Friday, September 17, 2010
One Heckuva Rudbeckia
A few weeks ago, I posted about my ongoing love affair with Black-Eyed Susans (Rudbeckia hirta). Now, I still maintain that the common BES is a standout garden plant, being tough, vigorous and free-flowering. There is, however, a Rudbeckia I like even more...Rudbecia triloba, the Brown-Eyed Susan. Pictured above just as it started flowering about a month ago, it is reputed to be a short-lived perennial (sometimes biennial). The triloba part of it's name comes from the fact that the basal leaves have 3 lobes, however, the rest of the leaves look like regular Rudbeckia leaves. I remember first seeing them growing a few years ago in a neighbor's garden on Alberta St. in NE Portland. There was just something about their loose, open branching habit and intensely heavy flowering that really struck me. They get between 3-5 feet tall, depending on garden conditions (mine are almost 6' tall...probably thanks to the partial shade).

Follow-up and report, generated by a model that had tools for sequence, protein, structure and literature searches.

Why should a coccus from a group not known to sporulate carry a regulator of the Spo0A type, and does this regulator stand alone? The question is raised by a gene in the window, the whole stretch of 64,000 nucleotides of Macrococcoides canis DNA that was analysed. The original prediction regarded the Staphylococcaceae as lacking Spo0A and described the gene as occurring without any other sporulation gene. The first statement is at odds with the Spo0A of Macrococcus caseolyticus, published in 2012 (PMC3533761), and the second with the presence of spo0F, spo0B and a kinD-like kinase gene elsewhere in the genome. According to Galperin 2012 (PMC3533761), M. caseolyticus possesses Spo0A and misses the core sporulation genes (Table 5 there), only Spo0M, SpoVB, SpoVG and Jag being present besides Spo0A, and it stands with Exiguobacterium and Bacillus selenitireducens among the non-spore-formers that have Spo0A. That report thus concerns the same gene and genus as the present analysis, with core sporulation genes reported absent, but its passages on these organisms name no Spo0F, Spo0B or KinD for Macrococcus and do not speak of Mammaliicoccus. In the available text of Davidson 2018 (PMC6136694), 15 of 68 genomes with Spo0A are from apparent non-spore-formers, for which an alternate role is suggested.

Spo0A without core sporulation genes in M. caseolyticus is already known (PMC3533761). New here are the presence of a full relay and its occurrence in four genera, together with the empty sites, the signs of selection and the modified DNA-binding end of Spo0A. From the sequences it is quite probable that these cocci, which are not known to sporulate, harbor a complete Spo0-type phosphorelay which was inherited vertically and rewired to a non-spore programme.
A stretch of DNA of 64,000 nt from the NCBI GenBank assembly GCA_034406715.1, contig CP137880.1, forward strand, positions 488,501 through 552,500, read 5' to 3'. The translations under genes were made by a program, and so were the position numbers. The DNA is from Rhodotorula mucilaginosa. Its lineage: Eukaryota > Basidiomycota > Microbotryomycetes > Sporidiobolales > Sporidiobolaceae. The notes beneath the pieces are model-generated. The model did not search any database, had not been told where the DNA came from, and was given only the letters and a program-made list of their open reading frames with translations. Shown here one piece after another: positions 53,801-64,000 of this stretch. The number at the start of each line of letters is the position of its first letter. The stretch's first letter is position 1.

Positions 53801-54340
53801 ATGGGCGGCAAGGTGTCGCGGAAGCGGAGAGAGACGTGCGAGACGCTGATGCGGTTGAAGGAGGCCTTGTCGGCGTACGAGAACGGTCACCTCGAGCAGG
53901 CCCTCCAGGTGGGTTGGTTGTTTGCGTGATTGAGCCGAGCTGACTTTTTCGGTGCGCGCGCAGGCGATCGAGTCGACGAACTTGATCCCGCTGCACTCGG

Above you can see them a few days ago, they are now flowering heavily and are a veritable cloud of yellow blossoms covered in bees. This is the biggest difference between this Rudbeckia an the more commonly grown variety. While it's flowers are significantly smaller, they are borne is an amazing profusion...instead of dozens of blooms, you get HUNDREDS! This is one plant that I don't stake...I really enjoy how it opens up as it gets larger and sort of insinuates itself amongst neighboring plants. At this point in the season it's almost 6' across, if you count all the sprawling branches. I love the diffuse effect it has...it's a lot of color, but in such small doses. The photo below, believe it or not, is only 1 SINGLE PLANT!
I'm hoping it does self-seed a bit, I'd really like to have more next year, especially if we plant the parking strips. I have a wonderful vision of tall grasses interplanted with these Rudbeckias, Joe Pye Weed, Ironweed, etc., a wonderful, no-holds-barred, prarie-esque planting.
Although easy to grow, Rudbeckia Triloba is not so easy to find. After searching all last summer for some, I finally found a plant at the Fall HPSO sale (which is this weekend...YAY!) and snatched it up without hesitation! Of course, I always recommend you get plants locally whenever possible, for numerous reasons, but if you can't find it locally, I've seen it offered online at Annie's Annuals, which is one of the coolest nurseries out there...I can spend hours ogling the plant selections!